Mycobacterium ulcerans is the causative agent of Buruli ulcer, a neglected tropical skin disease that is most commonly found in children from West and Central Africa. Despite the severity of the infection, therapeutic options are limited to antibiotics with severe side effects. Here, we show that M. ulcerans is susceptible to the anti-tubercular drug Q203 and related compounds targeting the respiratory cytochrome bc1:aa3. While the cytochrome bc1:aa3 is the primary terminal oxidase in Mycobacterium tuberculosis, the presence of an alternate bd-type terminal oxidase limits the bactericidal and sterilizing potency of Q203 against this bacterium. M. ulcerans strains found in Buruli ulcer patients from Africa and Australia lost all alternate terminal electron acceptors and rely exclusively on the cytochrome bc1:aa3 to respire. As a result, Q203 is bactericidal at low dose against M. ulcerans replicating in vitro and in mice, making the drug a promising candidate for Buruli ulcer treatment.
Mycobacterium ulcerans is the causative agent of Buruli ulcer (BU), a chronic necrotizing infection of the skin and the underlying tissue1. BU has been reported in more than 30 countries worldwide, but affects predominantly populations in West and Central Africa2, and is emerging in Australia3. Genomic analyses have shown that M. ulcerans has a common ancestor with Mycobacterium marinum4, a fish pathogen that occasionally causes granulomatous skin lesions in humans5. The ancestor of M. ulcerans acquired a virulence plasmid that carries the genes encoding the enzymatic machinery required for the synthesis of the cytotoxic macrolide toxin mycolactone6, which plays a key role in the chronic necrotizing pathogenesis of BU7,8,9. Mycobacterium ulcerans has subsequently undergone reductive evolution to become a niche-adapted organism with a 0.8 Mb smaller genome than M. marinum, and harbouring several hundred pseudogenes10. Two major lineages have been distinguished among M. ulcerans strains isolated from human BU lesions11. While the ancestral lineage found in patients from Asia, South America and Mexico is associated only sporadically with disease in humans, local incidence rates for BU caused by classical lineage strains in Africa and Australia can be as high as 1/200 per year12.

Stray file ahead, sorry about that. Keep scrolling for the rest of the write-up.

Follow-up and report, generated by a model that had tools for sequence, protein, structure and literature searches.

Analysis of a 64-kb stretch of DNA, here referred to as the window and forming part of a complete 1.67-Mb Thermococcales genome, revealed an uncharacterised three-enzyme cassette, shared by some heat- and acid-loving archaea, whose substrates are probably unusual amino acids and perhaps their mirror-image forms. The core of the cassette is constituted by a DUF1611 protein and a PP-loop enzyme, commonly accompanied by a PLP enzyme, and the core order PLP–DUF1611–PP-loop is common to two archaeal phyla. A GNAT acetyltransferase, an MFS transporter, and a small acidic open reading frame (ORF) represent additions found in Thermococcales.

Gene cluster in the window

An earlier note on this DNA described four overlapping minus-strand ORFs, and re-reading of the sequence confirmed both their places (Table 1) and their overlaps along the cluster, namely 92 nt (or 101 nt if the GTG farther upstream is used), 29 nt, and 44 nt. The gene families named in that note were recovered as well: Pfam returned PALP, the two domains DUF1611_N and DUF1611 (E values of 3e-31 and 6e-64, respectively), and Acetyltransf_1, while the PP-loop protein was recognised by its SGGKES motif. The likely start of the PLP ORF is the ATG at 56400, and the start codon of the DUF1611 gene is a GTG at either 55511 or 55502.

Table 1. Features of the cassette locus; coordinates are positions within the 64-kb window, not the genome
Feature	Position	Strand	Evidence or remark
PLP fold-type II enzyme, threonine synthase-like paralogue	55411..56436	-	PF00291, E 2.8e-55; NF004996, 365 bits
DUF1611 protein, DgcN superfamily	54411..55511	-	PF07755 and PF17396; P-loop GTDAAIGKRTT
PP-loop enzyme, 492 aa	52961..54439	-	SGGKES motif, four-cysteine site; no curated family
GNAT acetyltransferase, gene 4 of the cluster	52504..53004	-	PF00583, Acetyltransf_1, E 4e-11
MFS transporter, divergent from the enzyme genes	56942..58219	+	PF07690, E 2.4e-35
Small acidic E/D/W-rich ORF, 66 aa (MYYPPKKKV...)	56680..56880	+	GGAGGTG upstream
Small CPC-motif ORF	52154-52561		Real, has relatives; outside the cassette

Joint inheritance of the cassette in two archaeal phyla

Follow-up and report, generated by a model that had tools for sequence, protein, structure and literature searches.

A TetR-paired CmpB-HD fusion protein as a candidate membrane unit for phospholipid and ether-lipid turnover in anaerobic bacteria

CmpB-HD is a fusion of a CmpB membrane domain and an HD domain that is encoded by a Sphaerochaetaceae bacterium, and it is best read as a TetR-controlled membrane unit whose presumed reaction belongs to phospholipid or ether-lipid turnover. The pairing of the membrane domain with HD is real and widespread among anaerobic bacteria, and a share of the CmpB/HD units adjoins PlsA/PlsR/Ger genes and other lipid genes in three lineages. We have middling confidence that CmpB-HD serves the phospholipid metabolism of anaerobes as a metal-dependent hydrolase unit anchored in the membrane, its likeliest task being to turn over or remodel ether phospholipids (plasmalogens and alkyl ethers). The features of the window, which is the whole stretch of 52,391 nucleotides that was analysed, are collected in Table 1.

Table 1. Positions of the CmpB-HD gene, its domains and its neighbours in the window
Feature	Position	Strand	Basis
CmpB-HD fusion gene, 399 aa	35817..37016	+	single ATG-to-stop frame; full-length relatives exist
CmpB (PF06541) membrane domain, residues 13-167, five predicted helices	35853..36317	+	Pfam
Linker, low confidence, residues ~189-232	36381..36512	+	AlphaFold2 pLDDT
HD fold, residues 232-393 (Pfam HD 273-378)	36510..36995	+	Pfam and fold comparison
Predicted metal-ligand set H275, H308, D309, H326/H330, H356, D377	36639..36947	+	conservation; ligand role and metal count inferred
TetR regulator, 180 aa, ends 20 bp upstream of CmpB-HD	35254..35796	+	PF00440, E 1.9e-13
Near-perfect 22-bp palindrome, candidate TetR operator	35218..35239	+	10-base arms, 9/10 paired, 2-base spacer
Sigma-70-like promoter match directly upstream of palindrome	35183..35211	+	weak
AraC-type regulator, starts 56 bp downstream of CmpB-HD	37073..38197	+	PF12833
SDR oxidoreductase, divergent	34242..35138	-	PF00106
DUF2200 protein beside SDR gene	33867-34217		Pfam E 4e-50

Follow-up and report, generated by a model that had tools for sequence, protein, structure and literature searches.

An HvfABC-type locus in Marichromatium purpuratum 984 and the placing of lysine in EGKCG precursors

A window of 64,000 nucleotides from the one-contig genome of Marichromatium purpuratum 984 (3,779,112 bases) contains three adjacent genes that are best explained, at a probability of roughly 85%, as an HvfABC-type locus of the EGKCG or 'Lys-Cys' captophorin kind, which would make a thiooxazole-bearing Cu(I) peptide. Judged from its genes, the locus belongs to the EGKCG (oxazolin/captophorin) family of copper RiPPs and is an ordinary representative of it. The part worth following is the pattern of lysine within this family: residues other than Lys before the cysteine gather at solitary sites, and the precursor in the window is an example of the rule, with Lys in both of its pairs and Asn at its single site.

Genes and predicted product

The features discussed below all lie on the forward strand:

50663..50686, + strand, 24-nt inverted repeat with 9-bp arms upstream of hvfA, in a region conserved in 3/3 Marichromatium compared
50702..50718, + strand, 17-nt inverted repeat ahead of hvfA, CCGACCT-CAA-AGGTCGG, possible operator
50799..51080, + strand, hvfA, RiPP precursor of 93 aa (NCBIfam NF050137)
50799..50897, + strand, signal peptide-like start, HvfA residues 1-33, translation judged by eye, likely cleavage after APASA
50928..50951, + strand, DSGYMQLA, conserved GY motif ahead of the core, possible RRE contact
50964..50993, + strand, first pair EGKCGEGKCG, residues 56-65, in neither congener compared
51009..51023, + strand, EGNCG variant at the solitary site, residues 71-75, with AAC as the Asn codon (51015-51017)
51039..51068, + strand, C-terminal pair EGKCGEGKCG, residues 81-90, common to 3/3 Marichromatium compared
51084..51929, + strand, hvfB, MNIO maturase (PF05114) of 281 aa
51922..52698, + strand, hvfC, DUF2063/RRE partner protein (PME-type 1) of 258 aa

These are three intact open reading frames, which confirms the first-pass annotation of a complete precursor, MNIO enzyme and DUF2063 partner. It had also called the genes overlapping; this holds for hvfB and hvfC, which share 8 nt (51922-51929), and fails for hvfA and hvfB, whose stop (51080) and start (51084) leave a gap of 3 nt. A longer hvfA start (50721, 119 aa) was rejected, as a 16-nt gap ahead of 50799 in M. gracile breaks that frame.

Until recently, antibiotic therapy of BU was thought to be ineffective, and wide surgical excision of BU lesions was the treatment of choice. Based on results with an experimental mouse infection model for BU, an 8 weeks daily treatment with rifampicin and streptomycin was clinically tested and implemented as standard of care13,14. Despite clinical efficacy15, nephrotoxic, hepatotoxic and ototoxic side effects16,17 combined with the requirement for daily injections advocate for alternative treatments. Repurposing of new tuberculosis drug candidates is an attractive approach to search for new treatment options for BU. However, most tuberculosis-active scaffolds have no, or limited activity against M. ulcerans18. Here, we show that reductive evolution drove the exquisite susceptibility of M. ulcerans to the imidazopyridine carboxamide (IPA) compound Q20319, a clinical-stage drug candidate for tuberculosis that targets the respiratory cytochrome bc1:aa3 (cyt-bc1:aa3). Recently, we demonstrated that the presence of the cytochrome-bd oxidase (cyt-bd), an alternate bd-type terminal oxidase, limits the sterilizing potency of Q203 in Mycobacterium tuberculosis20. M. ulcerans strains belonging to the classical lineage from African and Australian origin lost all terminal electron acceptors except the cyt-bc1:aa3, revealing the vulnerability of this target to chemical inhibition that can be exploited to develop potent drugs for BU.